National Perspectives on Opportunity Zones & Philanthropy
Next, Bruce Katz and Larry Jacob shared what’s happening in other markets with Opportunity Zones and how philanthropy is engaging in this work.

The Kauffman Foundation’s website states that 81% of entrepreneurs do not access a bank loan or venture capital. The foundation is looking at alternative forms of capital that can come alongside the Opportunity Zone Fund equity investment in Kansas City, the foundation’s hometown. Larry, who serves as vice president of public affairs for the Kauffman Foundation, sees this as a way to potentially assist areas of failed urban renewal that they’ve been talking about in the local community for the last 50 years. “Let’s put all the tools together. I’m meeting with other philanthropies that have their own land. We’re focused on education and entrepreneurship,” said Larry. “All of those elements help make the community stronger.”

Bruce, who is co-founder and inaugural director of the Lindy Institute for Urban Innovation’s Nowak Metro Finance Lab at Drexel University, shared his perspective on Opportunity Zones. He proposed utilizing Opportunity Zones as a vehicle to get high net-worth individuals to keep their local wealth local. “As we go around the country — I may have been to more [Opportunity] Zones than anyone else in the United States — what I’d think you’d find is, actually, the wealth is local,” he said. “The biggest export in many communities, for decades, has been wealth. If we could even take a portion of this capital and bring it home, not as an impact investing, not as philanthropy, but as real market returns, that rewires capitalism in the United States.”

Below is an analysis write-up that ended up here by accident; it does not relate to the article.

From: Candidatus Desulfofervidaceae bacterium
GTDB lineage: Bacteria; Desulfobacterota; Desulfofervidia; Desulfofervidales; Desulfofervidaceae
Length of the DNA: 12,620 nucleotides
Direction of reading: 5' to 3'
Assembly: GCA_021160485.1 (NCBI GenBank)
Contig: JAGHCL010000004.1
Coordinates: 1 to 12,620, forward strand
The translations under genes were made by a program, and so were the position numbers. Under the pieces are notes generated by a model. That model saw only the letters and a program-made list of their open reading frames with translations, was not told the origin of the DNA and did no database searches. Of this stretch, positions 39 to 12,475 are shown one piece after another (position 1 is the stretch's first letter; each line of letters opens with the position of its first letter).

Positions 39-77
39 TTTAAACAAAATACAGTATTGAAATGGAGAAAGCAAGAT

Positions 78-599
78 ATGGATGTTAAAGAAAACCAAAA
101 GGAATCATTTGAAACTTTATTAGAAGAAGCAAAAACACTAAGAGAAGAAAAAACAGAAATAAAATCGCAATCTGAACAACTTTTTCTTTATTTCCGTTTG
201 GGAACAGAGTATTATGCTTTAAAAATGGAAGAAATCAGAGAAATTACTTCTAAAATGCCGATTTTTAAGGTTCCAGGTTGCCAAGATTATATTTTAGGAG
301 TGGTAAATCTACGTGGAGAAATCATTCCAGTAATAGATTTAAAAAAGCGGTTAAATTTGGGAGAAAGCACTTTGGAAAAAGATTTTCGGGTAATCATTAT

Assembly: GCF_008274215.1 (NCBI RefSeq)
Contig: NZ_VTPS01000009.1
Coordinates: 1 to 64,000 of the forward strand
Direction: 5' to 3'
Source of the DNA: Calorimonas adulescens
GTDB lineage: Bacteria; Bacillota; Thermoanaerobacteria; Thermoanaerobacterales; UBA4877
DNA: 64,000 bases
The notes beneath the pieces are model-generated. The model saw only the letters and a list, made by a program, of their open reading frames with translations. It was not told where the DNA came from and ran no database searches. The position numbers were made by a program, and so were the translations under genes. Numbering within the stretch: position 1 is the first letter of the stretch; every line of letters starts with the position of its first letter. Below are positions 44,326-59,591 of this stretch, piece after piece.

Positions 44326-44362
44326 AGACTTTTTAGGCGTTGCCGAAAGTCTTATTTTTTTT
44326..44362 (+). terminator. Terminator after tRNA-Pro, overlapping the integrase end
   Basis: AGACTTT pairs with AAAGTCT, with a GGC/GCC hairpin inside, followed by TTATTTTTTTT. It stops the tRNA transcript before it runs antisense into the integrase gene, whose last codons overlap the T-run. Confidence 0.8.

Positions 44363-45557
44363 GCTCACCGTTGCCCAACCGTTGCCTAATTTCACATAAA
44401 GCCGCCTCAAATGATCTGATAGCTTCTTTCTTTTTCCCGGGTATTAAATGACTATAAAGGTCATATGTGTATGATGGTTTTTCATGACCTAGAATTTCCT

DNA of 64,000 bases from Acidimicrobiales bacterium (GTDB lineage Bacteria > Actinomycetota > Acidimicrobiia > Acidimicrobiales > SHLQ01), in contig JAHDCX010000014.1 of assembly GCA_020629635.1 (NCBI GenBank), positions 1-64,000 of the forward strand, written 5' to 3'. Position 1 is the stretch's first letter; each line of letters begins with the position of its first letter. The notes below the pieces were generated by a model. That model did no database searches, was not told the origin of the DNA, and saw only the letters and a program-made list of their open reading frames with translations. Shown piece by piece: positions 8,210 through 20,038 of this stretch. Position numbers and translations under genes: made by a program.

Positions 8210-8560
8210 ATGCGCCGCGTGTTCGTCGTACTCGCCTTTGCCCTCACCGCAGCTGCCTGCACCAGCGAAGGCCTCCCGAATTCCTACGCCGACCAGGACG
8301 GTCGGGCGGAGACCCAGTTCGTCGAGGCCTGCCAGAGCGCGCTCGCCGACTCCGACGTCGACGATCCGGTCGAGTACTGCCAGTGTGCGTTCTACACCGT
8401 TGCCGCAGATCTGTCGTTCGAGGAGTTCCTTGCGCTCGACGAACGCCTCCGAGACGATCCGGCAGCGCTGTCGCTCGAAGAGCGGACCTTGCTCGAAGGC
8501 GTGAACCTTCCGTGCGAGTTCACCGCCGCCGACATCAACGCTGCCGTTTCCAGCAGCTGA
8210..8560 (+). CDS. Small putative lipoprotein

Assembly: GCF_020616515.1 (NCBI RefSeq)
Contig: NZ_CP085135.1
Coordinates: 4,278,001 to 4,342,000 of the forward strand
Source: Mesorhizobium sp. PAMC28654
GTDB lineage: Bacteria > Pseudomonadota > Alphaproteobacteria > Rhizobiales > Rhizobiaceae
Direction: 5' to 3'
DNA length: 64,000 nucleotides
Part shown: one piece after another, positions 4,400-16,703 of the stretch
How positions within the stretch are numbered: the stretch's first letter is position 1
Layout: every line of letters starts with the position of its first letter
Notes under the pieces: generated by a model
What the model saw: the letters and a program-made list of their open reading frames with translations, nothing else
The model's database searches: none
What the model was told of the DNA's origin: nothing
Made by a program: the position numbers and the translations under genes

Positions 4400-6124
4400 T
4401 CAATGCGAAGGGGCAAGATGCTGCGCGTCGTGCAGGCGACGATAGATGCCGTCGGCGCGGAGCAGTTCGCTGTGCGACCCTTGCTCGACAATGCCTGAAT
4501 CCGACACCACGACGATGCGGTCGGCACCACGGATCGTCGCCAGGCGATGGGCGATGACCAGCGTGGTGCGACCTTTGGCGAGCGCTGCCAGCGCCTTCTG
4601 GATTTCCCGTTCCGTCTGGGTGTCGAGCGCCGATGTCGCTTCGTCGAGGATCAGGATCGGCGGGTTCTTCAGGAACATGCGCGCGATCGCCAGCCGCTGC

New Tools for Financing Energy Efficiency
Emily shared how Philadelphia C-PACE catapults economic development by helping commercial, industrial, and agricultural properties in the commonwealth become more energy and water efficient. C-PACE is an innovative financial tool for property owners to obtain low-cost, long-term financing for energy efficiency, renewable energy, and water conservation projects. Emily shared that the program’s goal is to create 10,000 jobs over 10 years. They are currently at 1,200 jobs.

“We view energy as a tool for impact — an economic development tool, a job creation tool,” said Emily. “We look at this really as a vehicle for alleviating poverty. In Philadelphia, with such entrenched poverty, there are two things that energy can do that are helpful. One is reducing household expenses and creating safe, healthy, livable, affordable homes. The other is improving public health — both indoor and outdoor air quality.” Emily stated that she has not seen large energy users move forward on big energy efficient projects in Philadelphia at the pace she’s seen it happen in other locations, but one reason may be simply not knowing or being exposed to opportunities. “Hopefully, C-Pace is one thing that will drive that,” she said.